Address diversity, inclusion, and cultural and linguistic competence in value statement for organization. Develop new language collaboratively with all members of organization, including “collective intelligence” of other external partners.
Ensure that conference and meeting presenters, speakers and panelists are diverse and address the topic of the conference, rather than be boxed into speaking only on the topic of diversity and inclusion.
Diversify leadership staff. Develop additional layers in organizational structure so there is a clear path for early career professionals to gain leadership experiences and enter leadership roles within AUCD central office.
Evaluate time and effort devoted to planning for initiatives in diversity, inclusion, and cultural and linguistic competence versus implementing those initiatives. Ensure planning leads to action.
Where additional ideas are needed, review diversity, inclusion, and cultural and linguistic competence initiatives, Toolkits, and strategic planning process from other organizations.
Include specific goals/objectives related to diversity, inclusion, and cultural and linguistic competence in strategic plan, 5-year plans, and other guiding documents and proposals.
Model and promote diversity, inclusion, and cultural and linguistic competence as a priority for all levels of the organization. Communicate the importance of this topic to all staff, students, interns, grantees, volunteers, and federal and community partners.
Provide more non-academic options for participation at annual conference, so non-academic attendees have opportunity to engage in different ways.
Identify diverse populations in the State or Territory, including refugees and migrant workers. Partner with community leaders to learn about cultures. Identify strengths, gifts and needs of these populations at the grassroots level. Focus core efforts on maximizing strengths and meeting needs to help bridge the gap in resiliencies and disparities within your State or Territory.
Work with the State or Territory DD networks, inclusive of UCEDDs, LENDs, Protection and Advocacy agencies and State Developmental Disability Councils to influence strategically aligned diversity, inclusion, and cultural and linguistic competence goals.
Be systematic and intentional in planning infrastructure to enhance efforts. Complete an organizational self-assessment to establish a baseline in diverse and inclusive efforts. Involve organizational members, boards/advisors, individuals and families receiving services, interpreters, and cultural brokers. This includes review of organizational policies and practices, finance and contracting functions, budget, governance, outreach, and engagement to identify how support for diversity, inclusion, and cultural and linguistic competence is present in each area. Disseminate findings from organizational self-assessment and utilize those findings to guide change, involving staff and partners where greater support and impact is needed in each function. Check-in annually for progress and re-evaluate/re-adjust as needed.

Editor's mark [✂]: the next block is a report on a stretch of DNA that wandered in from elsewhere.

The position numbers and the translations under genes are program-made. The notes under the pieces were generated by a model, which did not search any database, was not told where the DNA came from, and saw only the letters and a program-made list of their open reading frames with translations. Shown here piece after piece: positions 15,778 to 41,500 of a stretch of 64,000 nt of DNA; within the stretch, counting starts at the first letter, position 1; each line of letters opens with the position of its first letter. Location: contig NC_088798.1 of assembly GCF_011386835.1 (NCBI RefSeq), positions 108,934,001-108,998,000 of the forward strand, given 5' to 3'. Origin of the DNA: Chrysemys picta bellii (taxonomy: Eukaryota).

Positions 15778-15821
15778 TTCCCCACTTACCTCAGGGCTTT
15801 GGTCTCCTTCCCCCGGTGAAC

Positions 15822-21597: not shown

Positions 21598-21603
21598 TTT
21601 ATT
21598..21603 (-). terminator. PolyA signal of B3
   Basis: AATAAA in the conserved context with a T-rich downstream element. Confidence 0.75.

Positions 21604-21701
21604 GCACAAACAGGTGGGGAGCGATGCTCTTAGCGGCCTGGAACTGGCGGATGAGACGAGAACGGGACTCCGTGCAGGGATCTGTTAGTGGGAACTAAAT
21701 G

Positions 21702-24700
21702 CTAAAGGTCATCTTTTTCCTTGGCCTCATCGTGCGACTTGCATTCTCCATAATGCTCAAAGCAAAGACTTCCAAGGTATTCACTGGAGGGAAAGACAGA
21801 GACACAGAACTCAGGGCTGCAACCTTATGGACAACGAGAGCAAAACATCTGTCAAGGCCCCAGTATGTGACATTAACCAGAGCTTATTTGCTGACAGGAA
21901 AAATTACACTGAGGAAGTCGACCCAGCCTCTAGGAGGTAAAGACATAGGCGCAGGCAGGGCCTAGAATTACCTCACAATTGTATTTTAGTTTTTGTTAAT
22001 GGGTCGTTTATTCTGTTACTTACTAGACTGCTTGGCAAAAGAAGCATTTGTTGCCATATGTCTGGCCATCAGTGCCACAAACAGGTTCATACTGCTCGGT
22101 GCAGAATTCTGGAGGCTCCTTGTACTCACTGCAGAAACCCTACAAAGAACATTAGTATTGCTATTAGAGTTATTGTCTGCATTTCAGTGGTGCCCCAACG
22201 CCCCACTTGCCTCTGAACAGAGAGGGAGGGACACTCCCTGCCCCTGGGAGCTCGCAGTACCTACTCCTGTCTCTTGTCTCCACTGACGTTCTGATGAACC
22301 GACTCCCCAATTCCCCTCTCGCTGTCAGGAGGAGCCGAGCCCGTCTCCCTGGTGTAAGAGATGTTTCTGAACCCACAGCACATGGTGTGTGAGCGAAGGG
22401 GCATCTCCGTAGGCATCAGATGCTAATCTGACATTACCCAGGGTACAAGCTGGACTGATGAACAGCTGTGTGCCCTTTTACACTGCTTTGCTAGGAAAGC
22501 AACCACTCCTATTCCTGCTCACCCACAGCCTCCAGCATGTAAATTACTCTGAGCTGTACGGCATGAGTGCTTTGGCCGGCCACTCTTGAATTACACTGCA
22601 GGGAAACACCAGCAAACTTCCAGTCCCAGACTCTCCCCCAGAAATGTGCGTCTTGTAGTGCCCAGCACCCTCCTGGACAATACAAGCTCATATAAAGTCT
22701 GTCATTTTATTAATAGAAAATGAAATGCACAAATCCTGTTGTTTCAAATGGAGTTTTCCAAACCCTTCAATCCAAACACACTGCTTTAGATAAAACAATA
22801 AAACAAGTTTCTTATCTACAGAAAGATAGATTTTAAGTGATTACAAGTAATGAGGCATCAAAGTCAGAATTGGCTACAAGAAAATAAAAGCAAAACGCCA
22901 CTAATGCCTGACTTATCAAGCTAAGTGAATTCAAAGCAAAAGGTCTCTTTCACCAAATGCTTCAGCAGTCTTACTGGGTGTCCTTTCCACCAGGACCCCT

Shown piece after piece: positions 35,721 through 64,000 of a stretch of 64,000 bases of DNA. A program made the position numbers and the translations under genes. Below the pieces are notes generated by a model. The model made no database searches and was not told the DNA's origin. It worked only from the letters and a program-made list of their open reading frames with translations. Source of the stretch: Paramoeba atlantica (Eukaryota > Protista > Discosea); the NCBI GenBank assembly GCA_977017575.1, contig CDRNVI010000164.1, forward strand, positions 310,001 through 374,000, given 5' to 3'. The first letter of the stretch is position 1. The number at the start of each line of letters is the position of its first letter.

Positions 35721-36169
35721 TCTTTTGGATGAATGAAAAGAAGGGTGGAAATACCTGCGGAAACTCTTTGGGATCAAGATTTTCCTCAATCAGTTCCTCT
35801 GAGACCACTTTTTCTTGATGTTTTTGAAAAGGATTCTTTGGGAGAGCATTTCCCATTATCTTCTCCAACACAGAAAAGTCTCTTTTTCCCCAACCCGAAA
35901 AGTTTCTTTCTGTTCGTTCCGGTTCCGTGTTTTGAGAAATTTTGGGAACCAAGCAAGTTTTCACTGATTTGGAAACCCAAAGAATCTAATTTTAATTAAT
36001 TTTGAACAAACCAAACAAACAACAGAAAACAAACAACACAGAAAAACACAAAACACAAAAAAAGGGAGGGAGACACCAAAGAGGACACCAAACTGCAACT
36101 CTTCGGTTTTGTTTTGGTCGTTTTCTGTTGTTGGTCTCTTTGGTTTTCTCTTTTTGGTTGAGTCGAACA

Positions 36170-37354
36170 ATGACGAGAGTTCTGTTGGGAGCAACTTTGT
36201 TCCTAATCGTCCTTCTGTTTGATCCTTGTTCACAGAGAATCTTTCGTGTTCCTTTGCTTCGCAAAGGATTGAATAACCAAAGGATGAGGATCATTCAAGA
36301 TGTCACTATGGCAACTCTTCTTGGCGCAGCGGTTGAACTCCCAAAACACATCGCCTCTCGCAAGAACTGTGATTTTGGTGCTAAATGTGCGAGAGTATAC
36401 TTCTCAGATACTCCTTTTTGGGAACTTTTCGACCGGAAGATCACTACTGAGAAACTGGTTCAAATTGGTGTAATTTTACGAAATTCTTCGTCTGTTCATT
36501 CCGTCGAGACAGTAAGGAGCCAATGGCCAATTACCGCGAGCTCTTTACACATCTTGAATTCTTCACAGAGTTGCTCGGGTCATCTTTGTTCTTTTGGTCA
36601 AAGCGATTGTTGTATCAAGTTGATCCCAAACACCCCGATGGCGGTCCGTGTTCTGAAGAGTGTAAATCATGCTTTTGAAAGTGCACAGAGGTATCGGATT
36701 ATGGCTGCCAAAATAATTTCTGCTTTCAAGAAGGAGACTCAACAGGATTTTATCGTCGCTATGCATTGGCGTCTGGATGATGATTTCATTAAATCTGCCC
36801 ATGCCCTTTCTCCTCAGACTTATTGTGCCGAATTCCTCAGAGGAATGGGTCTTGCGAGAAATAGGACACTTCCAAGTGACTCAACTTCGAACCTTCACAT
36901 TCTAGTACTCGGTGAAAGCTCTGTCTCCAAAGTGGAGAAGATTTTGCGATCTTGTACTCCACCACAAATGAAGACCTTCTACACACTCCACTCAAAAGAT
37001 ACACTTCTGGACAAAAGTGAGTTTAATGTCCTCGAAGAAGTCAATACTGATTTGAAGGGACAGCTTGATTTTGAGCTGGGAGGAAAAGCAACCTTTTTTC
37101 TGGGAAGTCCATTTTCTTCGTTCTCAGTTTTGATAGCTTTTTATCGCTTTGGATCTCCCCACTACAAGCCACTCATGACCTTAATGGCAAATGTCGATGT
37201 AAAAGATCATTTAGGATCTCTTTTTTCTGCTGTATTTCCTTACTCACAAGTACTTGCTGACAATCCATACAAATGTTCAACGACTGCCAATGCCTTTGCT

Join professional groups and listservs to stay up to date on information related to diversity, inclusion, and cultural and linguistic competence.
Give publicity and attention to the positive effects of improving diversity, inclusion, and cultural and linguistic competence. Share success stories internally- and also on the Toolkit website- for broader dissemination within the network.
Implement a network-wide learning collaborative, action learning team, or community or practice as a forum for shared learning.
Funding and policy impact equates to power. Help community organizations gain and sustain power through co-applying for grants, sharing funds, building mentorship and partnerships into grant proposals, creating grant opportunities for community organizations, collaboratively developing products and contributing to published literature, and turning over successful projects to community organizations so the Center/Program can innovate rather than hold ongoing power through running long-term community programs.
Review strategic plan for priorities of diversity, inclusion, and cultural and linguistic competency. Where priorities are lacking, update strategic plan in collaborative, open, inviting manner with internal and external partners.